Michelle and kidIt’s clear from the conversation with Michelle that this trip has made a huge impact on her life, how could it not, she has spent two weeks in a country that is the total opposite to the UK helping some of the worst hit areas in terms of poverty. Michelle herself tells us that the trip has made a significant impact on her. “It’s made me realise that social media is not the be all and end all of everything. Spending time away from using it but also seeing how little they have in Uganda yet how happy the little things make them makes me realise there is more to life than social media.” With that in mind would she make the trip again? “Definitely. I’m planning on going again in two years. I went to Orlando for 2 weeks before the trip to Uganda, and Uganda was by far the best of the two trips”.

It wasn’t just the trip itself that made a huge impact on Michelle, some of the people she met made a lasting impression on her. “Pastor David who started up SNAP is someone who made a massive impact on me during my time in Uganda, hearing how he started the school and what he’d been through during his life in Africa really made a difference to my life. David wasn’t a Christian before 1996, he had not always been on the right path before a heart attack put his life into perspective. He then married, changed his faith and set up a school under a tree, funding from our church allowed him to build up the school that is SNAP.”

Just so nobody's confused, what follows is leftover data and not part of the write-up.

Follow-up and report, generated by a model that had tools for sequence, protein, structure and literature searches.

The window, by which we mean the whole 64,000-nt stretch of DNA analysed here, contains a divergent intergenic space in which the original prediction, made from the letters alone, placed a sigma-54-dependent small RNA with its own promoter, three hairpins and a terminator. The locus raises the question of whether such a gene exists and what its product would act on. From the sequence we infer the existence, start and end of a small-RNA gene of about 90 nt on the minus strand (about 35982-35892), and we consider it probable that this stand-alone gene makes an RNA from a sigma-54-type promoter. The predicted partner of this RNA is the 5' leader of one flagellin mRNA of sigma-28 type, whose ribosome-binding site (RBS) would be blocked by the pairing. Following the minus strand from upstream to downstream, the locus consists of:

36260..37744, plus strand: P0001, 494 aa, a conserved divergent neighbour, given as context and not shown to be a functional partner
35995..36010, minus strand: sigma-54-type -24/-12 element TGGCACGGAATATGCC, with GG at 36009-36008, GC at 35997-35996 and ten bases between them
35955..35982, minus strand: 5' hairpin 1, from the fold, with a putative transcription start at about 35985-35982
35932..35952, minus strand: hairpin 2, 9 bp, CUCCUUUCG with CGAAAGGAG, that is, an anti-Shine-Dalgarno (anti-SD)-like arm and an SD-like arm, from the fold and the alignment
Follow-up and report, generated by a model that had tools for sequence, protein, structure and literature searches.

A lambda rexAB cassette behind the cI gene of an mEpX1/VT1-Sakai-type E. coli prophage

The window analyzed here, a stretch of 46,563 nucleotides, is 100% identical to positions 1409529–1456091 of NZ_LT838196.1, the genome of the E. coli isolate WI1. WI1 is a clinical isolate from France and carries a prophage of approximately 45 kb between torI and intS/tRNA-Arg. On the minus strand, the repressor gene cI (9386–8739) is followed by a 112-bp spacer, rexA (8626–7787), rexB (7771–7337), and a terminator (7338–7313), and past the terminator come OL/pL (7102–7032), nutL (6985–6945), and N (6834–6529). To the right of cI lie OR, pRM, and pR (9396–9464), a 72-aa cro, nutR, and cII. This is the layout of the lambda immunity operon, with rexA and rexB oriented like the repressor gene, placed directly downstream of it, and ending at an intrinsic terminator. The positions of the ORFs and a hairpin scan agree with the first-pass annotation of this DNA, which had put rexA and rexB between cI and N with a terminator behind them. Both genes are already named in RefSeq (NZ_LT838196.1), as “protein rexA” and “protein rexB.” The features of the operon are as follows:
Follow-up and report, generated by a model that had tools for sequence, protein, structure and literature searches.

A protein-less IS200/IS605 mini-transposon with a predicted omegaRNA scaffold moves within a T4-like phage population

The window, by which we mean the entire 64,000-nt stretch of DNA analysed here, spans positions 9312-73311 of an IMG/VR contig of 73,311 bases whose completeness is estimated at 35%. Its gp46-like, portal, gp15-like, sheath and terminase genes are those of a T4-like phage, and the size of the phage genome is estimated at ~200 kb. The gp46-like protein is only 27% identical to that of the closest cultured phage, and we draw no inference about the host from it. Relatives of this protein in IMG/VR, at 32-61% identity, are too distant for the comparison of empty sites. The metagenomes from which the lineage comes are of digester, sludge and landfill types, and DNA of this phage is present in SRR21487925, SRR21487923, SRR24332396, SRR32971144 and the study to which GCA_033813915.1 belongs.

Chatting to Michelle, I could see she had plenty of interesting stories to tell, but which one stands out for her most? “There was a moment in the men’s prison where some of the prisoners came to help us open the boxes and they were using machetes to open them, it was quite daunting to be fair. There was also the time me and my friend had an opportunity to sing at two of the churches. The stand out moment for me though was the reactions of the women and the children when we were giving them our donations. That will stay with me forever.”

As we wrapped up the chat, Michelle placed on record her thanks for all the donations she received “I’d like to thank Biochemica, the team and our customers for the support they offered me on my trip to Uganda. Biochemica provided me with the crayons and colouring books for the school in Jehovah Jireh, they also helped raise money by offering a ticket to watch Boro in an executive box at our quiz night. All the donations we received from my colleagues and other companies were also massively appreciated”. It was a big effort from Biochemica that Michelle was clearly grateful of, but it was all worth it to see the happy smiles on the faces of everyone who benefited in Uganda.